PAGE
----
I joined LinkedIn just around the time I was getting ready to graduate from college in late 2010 at the suggestion of my father (who still isn’t on Facebook). Many classmates were also signing up, and as my connections grew I often heard the question “but what is it good for?”. Who were we supposed to connect with – other students? The same ones IN the Facebook photos we’re supposed to hide from employers?
A year later, I still hear this question from recent grads. And while I can explain how it’s good for researching companies and presenting a more refined profile to HR folk or keeping tabs on professional contacts I have to admit they have a point. If you didn’t already have a network of working adult-people, LinkedIn is not much of a step up on the competition.
With the emergence of groups it has thankfully become easier to expand one’s network beyond those in your age range. The problem is, these are more or less doomed to remain virtual relationships. At least my classmates, who will all be rich and famous in ten years (this delusion is an entry requirement for Emerson. I mean that with the most love possible), have some real-life connection to me. If I maintain these relationships (OFFLINE) maybe one day LinkedIn can help us organize an opportunity. This happened recently – a recent alumna posted a gig to the Emerson group and I had a phone interview today. It happened on LinkedIn because that has become the accepted social network for professional interactions. But I’ve also responded to opportunities from older alumni who I’ve never met, and some have fallen through. At the end of the day, it’s all about face-to-face (may have stolen that from Meetup. Sorry).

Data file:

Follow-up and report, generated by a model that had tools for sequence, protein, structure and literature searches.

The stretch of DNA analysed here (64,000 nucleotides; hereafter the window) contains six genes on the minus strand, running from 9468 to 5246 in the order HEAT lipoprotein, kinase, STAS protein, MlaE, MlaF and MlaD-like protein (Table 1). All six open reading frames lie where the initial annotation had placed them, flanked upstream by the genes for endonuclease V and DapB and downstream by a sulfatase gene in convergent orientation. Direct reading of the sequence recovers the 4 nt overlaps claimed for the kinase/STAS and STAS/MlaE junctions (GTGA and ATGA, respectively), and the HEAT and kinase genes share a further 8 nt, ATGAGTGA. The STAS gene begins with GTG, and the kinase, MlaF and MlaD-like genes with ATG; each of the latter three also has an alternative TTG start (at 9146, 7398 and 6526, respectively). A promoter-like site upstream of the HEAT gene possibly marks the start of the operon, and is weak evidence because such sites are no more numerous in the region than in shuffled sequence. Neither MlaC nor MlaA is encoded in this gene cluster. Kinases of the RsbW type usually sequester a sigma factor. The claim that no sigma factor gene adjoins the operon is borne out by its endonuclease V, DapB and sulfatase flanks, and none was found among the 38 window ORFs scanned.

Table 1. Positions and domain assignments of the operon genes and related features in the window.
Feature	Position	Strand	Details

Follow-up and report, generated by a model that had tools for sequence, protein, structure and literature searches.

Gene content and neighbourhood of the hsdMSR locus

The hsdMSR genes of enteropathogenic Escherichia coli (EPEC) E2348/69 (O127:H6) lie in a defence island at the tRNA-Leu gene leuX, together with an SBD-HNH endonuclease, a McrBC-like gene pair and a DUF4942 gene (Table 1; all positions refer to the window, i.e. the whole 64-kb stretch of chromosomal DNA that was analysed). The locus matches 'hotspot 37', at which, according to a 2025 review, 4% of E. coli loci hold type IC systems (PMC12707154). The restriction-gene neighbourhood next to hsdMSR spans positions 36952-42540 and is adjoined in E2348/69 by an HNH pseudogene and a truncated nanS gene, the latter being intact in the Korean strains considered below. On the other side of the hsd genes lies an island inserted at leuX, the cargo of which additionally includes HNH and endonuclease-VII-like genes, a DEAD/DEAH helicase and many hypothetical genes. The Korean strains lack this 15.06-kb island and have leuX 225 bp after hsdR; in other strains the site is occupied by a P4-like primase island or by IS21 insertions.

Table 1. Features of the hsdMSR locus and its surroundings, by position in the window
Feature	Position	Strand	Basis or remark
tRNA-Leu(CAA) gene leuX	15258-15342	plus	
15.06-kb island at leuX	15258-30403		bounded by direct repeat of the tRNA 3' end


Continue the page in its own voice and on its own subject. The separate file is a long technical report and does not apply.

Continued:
So yes, LinkedIn can give you some leverage. But networking events, freelancing gigs and film sets will always provide a more lasting impression. Even Twitter is better for making progress with new contacts – as soon as I connect with a fellow chatter on LinkedIn, the conversation almost always dies.
At this point in my career, LinkedIn is a fantastic tool for researching opportunities and making myself available to potential employers. Hopefully, I’ll be able to move some LinkedIn connections to real-life meetings. And who knows, maybe in the next five years I’ll be in the position to leverage my connections to help a fellow alum get his or her start. But it’s definitely a ball that will take quite some time to get rolling.